The four main types of car brakes
Your car brakes play a critical role in your vehicle’s performance; that’s why it’s so important to ensure that you care for them regularly and when necessary, replace worn-out components. However, you’ll probably feel a lot more comfortable entrusting our Orlando Toyota service center to do both if you know what’s going on under the hood. We sat down with our top service experts to create a basic guide to the main types of car brakes – check it out.
What are the main types of car brakes?
1) Disc brakes
You’ll find this type of car brakes on most modern cars. This type of system uses brake pads, rotors, calipers, and hydraulic fluid to bring your car to a safe stop. When you hit the brake pedal, hydraulic fluid is pushed through the system to push the calipers together, which then pushes the brake pads down onto the rotor to slow your car. Disc brakes are more popular because they fare better in wet conditions (they dry more quickly) and they also are better at dissipating heat when you brake, which means you’ll always have full stopping power on your side.
2) Drum brakes
Drum brakes are similar to disc brakes. However, they have a small round drum with a set of brake shoes inside of it; when you brake, the shoes are pressed against the sides of the drum to slow you. They’re the less popular option of the two, despite the fact that they’re cheaper to replace. Why? Two main reasons. They have a drum-like design (thus the name) and this means that the interior can hold water inside, which makes them function less effectively and also can cause rusting and corrosion. Also, they don’t handle heat as well as disc brakes and if they overheat, you lose stopping power.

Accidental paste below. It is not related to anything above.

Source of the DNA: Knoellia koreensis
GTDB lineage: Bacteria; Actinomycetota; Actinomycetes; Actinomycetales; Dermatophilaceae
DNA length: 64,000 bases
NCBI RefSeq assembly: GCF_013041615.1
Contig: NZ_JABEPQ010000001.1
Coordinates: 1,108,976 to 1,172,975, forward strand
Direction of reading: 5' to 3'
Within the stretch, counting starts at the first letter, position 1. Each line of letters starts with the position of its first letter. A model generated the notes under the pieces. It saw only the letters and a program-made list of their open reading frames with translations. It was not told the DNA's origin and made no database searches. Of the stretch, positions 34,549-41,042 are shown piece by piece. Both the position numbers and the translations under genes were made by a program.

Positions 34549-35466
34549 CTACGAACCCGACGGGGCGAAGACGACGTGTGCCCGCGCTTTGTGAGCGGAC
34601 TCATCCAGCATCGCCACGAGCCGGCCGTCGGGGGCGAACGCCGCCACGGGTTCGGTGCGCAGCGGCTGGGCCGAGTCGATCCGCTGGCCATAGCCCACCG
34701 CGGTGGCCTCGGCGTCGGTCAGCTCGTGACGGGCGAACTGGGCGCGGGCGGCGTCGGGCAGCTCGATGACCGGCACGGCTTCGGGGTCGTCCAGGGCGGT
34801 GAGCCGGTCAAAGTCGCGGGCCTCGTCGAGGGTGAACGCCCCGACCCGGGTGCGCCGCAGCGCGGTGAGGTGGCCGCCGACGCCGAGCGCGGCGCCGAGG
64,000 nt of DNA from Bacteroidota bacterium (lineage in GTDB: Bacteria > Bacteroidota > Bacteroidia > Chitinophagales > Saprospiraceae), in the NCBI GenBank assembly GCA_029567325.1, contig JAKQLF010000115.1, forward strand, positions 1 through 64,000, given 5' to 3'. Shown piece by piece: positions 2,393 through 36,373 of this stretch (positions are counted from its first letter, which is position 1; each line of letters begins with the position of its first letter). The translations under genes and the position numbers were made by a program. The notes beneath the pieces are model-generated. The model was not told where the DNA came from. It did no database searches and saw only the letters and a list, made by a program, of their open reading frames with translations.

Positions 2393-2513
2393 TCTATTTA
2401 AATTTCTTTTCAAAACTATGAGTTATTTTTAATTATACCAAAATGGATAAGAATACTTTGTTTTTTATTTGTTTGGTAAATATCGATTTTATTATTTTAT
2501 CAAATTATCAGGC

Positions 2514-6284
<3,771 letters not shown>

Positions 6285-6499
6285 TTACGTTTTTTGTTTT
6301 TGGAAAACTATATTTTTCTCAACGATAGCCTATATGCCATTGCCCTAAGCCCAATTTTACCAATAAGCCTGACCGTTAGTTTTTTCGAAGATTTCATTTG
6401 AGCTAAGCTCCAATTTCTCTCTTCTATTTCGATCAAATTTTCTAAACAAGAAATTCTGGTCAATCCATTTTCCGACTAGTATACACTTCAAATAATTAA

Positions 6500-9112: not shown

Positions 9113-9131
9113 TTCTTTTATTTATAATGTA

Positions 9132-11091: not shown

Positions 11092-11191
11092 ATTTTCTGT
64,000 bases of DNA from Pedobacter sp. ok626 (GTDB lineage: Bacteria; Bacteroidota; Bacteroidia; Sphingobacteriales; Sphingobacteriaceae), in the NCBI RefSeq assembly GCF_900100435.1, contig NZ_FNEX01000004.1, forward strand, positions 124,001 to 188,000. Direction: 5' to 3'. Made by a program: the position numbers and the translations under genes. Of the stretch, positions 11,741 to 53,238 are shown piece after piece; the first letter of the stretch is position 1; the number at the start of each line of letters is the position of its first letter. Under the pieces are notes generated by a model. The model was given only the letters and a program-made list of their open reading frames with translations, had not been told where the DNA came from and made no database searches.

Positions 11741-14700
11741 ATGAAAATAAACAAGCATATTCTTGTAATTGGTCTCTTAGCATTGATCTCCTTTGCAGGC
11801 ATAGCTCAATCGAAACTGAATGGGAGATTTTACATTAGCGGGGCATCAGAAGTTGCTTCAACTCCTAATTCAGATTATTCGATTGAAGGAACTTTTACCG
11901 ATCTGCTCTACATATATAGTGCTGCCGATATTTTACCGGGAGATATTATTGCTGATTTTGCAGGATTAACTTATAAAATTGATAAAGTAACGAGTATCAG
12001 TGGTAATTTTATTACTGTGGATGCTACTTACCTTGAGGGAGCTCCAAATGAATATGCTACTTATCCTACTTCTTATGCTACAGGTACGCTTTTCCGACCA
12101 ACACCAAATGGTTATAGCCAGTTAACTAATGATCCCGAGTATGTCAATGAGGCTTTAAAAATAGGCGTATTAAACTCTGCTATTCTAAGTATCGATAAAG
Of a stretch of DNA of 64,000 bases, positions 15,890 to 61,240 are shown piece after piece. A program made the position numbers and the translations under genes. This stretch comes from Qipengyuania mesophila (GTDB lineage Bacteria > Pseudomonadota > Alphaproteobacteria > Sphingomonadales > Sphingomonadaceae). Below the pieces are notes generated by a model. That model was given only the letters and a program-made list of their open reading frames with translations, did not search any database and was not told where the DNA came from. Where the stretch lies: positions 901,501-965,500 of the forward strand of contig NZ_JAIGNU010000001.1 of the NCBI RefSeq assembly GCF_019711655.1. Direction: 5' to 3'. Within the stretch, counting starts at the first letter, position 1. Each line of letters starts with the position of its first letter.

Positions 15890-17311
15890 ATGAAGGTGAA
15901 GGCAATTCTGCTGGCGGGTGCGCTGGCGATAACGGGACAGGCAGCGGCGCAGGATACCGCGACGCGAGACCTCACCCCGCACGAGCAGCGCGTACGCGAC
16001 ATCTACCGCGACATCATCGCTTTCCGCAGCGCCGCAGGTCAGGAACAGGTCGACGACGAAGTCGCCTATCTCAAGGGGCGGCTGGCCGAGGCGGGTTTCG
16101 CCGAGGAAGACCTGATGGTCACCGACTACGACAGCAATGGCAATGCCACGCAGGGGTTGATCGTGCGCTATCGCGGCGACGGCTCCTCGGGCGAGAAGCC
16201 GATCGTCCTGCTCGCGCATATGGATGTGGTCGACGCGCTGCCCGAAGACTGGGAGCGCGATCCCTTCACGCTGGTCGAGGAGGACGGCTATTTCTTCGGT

3) Anti-lock brakes
Anti-lock brakes aren’t actually a type of brake, technically. They are, however, a technology that’s been integrated into the braking system to prevent the car brakes from locking up when in use. If you suddenly hit the brakes when you’re driving, the wheels could lock up and cause you to skid (especially if the weather is wet). An ABS brake system senses the rotational speed of each wheel and if it senses that a wheel has locked up, it sends pulses of brake pressure to that wheel to reduce the speed of your car and help you regain traction.
4) Emergency brakes
Your emergency brake is also known as your parking brake. This brake is connected to the main brakes of your car via a cable and is activated either by a hand lever, a foot pedal, or a button. You’ll typically use this type of car brake to keep your car in one spot (especially if you park on a hill), but it can also be used as a last-ditch resort should your main brakes fail.
Visit Toyota of Orlando for brake service today
Whether you have more questions about the different types of car brakes or you want to schedule service or repairs for your own, call Toyota of Orlando today! Our Orlando auto service center is open seven days a week at (407) 298-4500 and we’re conveniently located at 3575 Vineland Road, just off I-4 across from the Millenia Mall.